Getting to the Point A newsletter about the business of life
March 23, 2006

In this issue
  • He Who Speaks First, Loses
  • Others Have Said
  • On a personal note

  • He Who Speaks First, Loses

    I thought the other day about David, a former co-worker of mine in a lending office. A client and I were discussing the art and strategy of negotiating. Dave was good for keeping things in balance in the office with a good dose of wisdom with humor every now and then. His humor was desert dry with a sprinkle of sarcasm.

    I remember a time when an excited house buying couple called Dave about financing the house upon which the sellers had just accepted their offer. They began to tell Dave what a “good deal” they’d just gotten. “Good deal?” , he questioned. "You got the house because your offer was more than anyone else would pay.” He was good at administering reality checks along with the loan checks.

    One of his favorite seller negotiating tips was to present your price offer for an item and then shut up. When he said shut up he meant: no talking, silence, bite a hole through your lip if you have to, but calmly wait for the seller’s response. He used the expression, “ He who speaks first, loses.” to describe this technique.

    A few years went by before I began to understand the value of that negotiating tactic. You see, increasingly in our North American society, silence is an uncomfortable element in a conversation. We cannot tolerate “dead air”. A result of too much radio and TV listening and viewing, the lack of sound has conditioned us to believe something is wrong.

    The radio station must have stopped broadcasting. The television station has a transmission problem. Things are broken because there is silence.

    And this is the way society has evolved into evaluating conversations. If the dialogue stops, if there is dead air, then something is wrong or it’s broken. As you talk business and put an offer or counter offer in front of the buyer or seller, a silence or lack of response, will make you automatically think “It’s not working, I’ve got to sweeten the deal”, and you break the silence and begin talking.

    Silence is Powerful! That’s what Dave meant when he told me he who speaks first loses. Never assume silence is a form of rejection. It’s a signal of thought taking place, nothing more. It’s a waiting game for decisions. The impatient negotiator who makes concessions before hearing a response from the opposing buyer or seller, will never know that he would have had a deal with his first offer if he’d just waited a few more seconds.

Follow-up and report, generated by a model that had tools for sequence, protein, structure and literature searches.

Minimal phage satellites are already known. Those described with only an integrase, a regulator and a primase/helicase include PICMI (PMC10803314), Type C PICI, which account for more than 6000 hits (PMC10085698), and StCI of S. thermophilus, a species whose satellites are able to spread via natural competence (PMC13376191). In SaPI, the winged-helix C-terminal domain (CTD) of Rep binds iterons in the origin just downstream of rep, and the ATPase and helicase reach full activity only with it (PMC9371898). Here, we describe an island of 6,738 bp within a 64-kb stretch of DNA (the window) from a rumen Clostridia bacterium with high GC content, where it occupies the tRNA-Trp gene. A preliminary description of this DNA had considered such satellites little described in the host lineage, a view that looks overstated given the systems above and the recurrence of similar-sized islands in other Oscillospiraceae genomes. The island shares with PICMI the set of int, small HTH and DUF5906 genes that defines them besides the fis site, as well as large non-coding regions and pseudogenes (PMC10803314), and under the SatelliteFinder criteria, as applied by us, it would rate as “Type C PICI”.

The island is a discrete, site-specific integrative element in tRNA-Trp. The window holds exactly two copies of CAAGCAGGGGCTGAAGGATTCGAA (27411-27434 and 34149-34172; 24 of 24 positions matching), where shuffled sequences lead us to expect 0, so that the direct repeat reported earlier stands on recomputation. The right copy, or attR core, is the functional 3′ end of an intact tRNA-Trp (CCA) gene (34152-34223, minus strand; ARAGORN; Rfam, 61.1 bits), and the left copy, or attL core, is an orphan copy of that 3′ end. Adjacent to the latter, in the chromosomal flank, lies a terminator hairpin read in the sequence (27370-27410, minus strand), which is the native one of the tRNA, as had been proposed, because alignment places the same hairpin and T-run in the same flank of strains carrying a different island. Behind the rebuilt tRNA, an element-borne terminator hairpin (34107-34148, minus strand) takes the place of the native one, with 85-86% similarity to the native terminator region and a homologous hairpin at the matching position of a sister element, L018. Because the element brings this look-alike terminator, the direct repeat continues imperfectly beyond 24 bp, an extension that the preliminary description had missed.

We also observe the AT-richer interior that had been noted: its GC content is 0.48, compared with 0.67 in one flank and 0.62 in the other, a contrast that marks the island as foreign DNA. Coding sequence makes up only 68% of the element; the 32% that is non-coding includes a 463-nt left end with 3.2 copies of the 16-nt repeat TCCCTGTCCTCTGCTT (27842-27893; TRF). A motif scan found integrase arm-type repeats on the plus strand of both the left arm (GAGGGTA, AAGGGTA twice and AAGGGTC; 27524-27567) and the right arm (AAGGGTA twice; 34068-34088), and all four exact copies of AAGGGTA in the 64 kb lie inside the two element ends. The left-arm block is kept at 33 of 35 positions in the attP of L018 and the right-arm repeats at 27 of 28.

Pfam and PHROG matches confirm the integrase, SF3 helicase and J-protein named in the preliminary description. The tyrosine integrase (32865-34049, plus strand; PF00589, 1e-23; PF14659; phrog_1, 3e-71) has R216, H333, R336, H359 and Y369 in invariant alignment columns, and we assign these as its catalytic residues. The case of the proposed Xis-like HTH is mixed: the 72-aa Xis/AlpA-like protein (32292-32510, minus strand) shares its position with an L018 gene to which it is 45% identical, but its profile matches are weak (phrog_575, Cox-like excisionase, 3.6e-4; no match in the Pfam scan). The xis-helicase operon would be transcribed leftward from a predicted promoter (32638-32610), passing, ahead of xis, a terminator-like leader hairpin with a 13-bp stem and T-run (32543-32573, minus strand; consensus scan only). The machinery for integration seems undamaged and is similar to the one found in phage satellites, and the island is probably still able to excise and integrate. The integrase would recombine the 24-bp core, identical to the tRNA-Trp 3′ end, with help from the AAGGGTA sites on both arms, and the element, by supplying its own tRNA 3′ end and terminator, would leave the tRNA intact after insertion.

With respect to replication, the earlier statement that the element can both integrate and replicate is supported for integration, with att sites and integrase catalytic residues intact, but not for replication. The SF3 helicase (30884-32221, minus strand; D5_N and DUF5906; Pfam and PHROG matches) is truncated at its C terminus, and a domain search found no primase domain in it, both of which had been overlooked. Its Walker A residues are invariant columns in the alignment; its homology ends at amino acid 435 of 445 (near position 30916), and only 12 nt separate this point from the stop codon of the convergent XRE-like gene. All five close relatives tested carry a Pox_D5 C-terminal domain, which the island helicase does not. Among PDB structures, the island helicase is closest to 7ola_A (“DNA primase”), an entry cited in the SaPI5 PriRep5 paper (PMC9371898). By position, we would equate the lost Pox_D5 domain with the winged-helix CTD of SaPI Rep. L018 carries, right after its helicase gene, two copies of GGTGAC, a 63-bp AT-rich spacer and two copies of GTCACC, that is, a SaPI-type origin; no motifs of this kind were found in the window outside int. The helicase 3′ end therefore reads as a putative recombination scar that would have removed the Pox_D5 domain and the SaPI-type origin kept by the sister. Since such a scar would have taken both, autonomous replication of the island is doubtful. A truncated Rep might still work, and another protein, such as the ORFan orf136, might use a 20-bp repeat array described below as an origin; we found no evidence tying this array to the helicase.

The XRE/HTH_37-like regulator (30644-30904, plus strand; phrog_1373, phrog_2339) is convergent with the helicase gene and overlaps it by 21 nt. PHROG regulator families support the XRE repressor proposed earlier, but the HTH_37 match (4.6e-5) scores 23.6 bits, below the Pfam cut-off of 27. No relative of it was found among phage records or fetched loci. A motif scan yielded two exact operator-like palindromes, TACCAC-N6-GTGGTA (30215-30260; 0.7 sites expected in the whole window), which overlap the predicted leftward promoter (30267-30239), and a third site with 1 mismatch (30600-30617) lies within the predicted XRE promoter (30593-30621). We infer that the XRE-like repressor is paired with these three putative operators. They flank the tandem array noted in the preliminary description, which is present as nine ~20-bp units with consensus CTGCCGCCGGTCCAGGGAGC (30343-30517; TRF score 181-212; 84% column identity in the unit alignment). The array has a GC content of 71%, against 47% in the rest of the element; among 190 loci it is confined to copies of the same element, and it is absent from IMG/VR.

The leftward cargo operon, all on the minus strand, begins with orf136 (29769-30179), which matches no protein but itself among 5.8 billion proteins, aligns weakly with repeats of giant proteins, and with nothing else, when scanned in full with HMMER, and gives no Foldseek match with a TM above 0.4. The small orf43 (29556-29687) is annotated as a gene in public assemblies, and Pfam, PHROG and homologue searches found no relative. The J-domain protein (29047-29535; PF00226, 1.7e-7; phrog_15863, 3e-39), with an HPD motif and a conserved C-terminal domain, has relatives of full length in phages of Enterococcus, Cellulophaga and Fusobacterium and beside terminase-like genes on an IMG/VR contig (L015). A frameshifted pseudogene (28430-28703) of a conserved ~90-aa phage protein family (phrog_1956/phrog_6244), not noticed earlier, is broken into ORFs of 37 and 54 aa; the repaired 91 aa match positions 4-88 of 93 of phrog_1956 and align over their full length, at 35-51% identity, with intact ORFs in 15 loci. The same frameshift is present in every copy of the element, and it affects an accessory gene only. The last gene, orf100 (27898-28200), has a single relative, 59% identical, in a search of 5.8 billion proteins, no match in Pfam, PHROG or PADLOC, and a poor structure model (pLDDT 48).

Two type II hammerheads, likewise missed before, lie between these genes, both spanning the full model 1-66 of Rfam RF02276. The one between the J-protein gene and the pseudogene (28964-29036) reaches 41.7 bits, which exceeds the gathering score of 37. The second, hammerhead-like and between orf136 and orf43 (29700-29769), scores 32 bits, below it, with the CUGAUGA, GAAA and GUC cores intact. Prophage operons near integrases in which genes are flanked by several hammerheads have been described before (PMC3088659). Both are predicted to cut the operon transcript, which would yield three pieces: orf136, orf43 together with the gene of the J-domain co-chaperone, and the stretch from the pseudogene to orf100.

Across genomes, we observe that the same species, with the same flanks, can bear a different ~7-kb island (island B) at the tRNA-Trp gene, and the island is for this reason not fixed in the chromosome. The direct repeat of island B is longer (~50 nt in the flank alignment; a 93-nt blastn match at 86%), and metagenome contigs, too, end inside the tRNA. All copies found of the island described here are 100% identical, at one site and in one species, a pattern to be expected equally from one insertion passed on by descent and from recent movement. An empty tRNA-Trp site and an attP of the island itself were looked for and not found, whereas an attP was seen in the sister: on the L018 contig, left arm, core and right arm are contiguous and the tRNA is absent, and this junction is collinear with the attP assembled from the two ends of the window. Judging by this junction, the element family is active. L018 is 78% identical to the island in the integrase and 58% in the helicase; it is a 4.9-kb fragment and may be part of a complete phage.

As you negotiate for price and terms, keep in mind the power of silence. Begin to test your capacity to feel uncomfortable with awkward silence in a conversation. Resist the temptation to play traditional negotiating tennis by returning each verbal volley immediately.

    Let silence help your game, because he who speaks first, loses.

    Silence is a tactic that can help you control the dollars, one of my 8 simple strategies for success. To learn how I can help you strategically in your business, click here.

    Others Have Said

    "Better to remain silent and be thought a fool than to speak out and remove all doubt." -- Abraham Lincoln

    "All you need in this life is ignorance and confidence; then success is sure." -- Mark Twain

    "Silence is a text easy to misread." -- A.A.Atanasio

    On a personal note

    I’ve helped clients understand the concept of “he who speaks first, loses” and apply it to their businesses with great success.

    I remember the first few times I used the negotiating tactic of silence.

    It was agony.

    I had to keep my poker face on and repeat the phrase, “he who. . . loses” over and over in my mind. Like most things, it gets easier to do with experience and because it works.

    Caution: If we are ever negotiating and you use this technique on me, I have a counter technique to use. So don’t even try it. Just accept my first offer. As Dave also said, “Be reasonable; do it my way.”

    Want to learn how to write your own newsletters and articles? Click here to learn more about this book In a moment of shameless self promotion, I want to tell you that author Michel Neray surprised me by mentioning my weekly newsletter in his top ten newsletters named in his new e-book!

    Quite an honor to be included with his other 9 picks!



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